I remember that when I was about seven and a half, I started fighting with my mom a lot. She’d pretty much fallen apart. She’d become angry and quick-tempered. There were a lot of screaming matches between us, which usually ended with me crying. My eyes were nearly always bloodshot. My room was nearly always so dirty it was practically a disaster area. I didn’t have many close friends at school, except for two girls I will call Tianna and Noelle. I also had my best friend, Ella, who was also my cousin. I didn’t talk with any of them about my dad. With Tianna and Noelle, I felt like they wouldn’t understand. They did ask me about him, but when they did even they treated me like I was fragile, which I hated. With Ella, my dad wasn’t only her best friend’s father, he was her uncle. It just seemed like she didn’t want to talk about him. And the day he died had also been the day before she turned seven years old. That had to be hard.

    The summer after first grade was my first one at CZC. It was wonderful, and I am proud to say I have been going nearly every summer since – it would have been every summer, but the summer I was thirteen, after seventh grade, the Virginia branch was full. I went to Boston, to try to go to that one, but it was canceled because of Hurricane Irene. I feel so close to the other campers and counselors. I feel like they understand me so much better than anyone else.

    The spring when I was in fifth grade, I decided that, starting the next fall, I would keep my dad’s death a secret, at least at school. I hate being pitied, being treated like I’m fragile. Compared to me, the other kids at my school are made of glass. They would shatter if they were in my shoes. And *they* thought of *me* as fragile? I’m not. I’m strong, so much stronger than they had ever been and would probably ever be. That’s one of the only good things about grief and loss – while it can weaken some, it makes others stronger.

    When I was eleven years old, the summer after I started sixth grade, my mother remarried. I detest my stepfather. He acts like the king of the household, like we should consider ourselves lucky he deigns to put up with us. And they both insist on treating him as if he were my dad. He’s NOT, and I refuse to act like he is. With Mom, it’s like she’s forgotten that my dad even existed. Whenever someone dies in the family, she acts like I’ve never been to a funeral before and she needs to remind me how to behave. And she hates how, when she invites Cliff to my Confirmation Candidate meetings, I say, “How come HE has to come!? He’s not my dad!” after she points out that both parents are supposed to attend. She snaps at me, “Well he’s the closest you’ll ever have to a dad again.” As if I need reminding that my REAL dad is dead. It also really gets on my nerves when my Aunt Rene, Cliff’s older sister, tries to get me to call Cliff ‘Dad.’ Hello, I already have a dad. I write letters to him all the time. He’s just an angel, and I can’t see him or hear him. And he’s dead. But he’s still my dad.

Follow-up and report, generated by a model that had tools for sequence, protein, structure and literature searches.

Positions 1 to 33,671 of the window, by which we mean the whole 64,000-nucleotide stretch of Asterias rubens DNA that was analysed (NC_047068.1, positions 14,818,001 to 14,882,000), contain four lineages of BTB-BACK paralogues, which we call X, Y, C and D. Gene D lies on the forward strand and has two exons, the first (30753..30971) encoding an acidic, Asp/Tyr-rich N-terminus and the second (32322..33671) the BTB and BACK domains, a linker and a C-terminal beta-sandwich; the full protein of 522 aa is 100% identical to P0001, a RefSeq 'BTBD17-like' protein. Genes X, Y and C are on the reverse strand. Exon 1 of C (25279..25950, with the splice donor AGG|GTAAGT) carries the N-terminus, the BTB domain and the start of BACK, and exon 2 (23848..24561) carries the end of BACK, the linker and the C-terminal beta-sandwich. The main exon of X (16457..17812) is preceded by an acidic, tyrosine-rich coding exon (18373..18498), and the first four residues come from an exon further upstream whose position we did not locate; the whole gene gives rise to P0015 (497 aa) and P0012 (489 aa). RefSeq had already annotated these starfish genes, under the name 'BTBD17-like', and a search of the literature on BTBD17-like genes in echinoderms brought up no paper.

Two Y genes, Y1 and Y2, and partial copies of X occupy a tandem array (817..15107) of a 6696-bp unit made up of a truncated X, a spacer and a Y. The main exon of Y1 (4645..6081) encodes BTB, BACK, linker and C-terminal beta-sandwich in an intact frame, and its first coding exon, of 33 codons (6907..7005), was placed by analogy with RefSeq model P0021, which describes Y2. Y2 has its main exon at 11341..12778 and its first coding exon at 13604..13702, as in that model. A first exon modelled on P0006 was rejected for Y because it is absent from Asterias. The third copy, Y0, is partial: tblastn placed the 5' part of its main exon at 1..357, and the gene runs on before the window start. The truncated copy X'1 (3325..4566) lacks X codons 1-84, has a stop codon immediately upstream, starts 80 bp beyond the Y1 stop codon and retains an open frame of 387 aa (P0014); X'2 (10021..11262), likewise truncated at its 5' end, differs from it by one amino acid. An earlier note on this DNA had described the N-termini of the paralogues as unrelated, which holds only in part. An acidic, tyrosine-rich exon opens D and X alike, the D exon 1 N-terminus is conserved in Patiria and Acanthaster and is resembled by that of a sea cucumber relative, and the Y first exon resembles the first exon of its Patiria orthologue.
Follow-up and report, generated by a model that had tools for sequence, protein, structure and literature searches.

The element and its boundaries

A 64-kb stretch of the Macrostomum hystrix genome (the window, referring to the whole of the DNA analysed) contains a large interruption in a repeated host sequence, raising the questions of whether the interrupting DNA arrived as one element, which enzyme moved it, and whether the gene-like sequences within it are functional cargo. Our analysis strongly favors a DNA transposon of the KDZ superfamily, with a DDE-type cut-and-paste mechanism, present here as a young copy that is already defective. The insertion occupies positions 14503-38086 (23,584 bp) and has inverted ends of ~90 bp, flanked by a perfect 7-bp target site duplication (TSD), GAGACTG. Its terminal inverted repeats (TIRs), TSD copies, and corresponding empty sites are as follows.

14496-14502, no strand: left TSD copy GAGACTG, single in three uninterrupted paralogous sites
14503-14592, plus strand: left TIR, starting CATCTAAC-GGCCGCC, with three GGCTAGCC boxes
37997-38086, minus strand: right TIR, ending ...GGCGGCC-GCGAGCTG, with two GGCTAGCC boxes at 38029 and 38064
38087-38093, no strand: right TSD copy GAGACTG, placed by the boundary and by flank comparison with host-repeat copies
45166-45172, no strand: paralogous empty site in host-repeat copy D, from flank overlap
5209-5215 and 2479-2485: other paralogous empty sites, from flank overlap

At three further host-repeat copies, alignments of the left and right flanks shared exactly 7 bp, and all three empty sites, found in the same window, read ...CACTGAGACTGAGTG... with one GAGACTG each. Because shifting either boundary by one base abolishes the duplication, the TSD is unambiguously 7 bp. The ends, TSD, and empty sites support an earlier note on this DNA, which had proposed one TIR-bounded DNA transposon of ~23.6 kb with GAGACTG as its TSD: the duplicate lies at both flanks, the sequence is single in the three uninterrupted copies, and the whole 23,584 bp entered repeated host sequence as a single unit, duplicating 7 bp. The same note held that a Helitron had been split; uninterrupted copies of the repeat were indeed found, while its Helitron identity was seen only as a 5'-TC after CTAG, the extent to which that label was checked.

When I was about eight years old, my faith in God started to falter. I soon became convinced He wasn’t real. He wouldn’t let bad things happen to His children, would He?

    When I was twelve years old, something happened to me that caused me to believe in God again. He answered a prayer!

    I was on vacation, and there was a hurricane coming near where I was staying. The thought of someone dying, of someone else suffering like I had, infuriated me. I closed my eyes and wished with all my heart for it to all just STOP.

    About five minutes later, the newscaster announced that the storm was easing up.

    I smiled softly, knowing what had happened. It wasn’t, as far as I knew, scientifically possible for a hurricane to do that. Heaven had intervened. God existed after all.

    The storm did eventually hit, but it wasn’t until almost twelve hours later, when a few more people would have been able to get to safety. My prayer, and God’s answering it, had saved lives.

    Now, I believe that God exists, but the reason He doesn’t answer all our prayers is that we never bother to help. God’s a busy guy, you know, and He can’t fix the whole world at once. The story of Noah’s Ark is proof of that. As for why bad things happen, it’s partly because of humans’ free will and partly because those things can make us stronger. we can learn from our mistakes and from other peoples’, but hardly anyone does. Pretty stupid of us, isn’t it?

    So that’s my story. What’s yours?

Leave a Comment

Your email is never shared.


By submitting a comment, you are agreeing to our Terms & Conditions.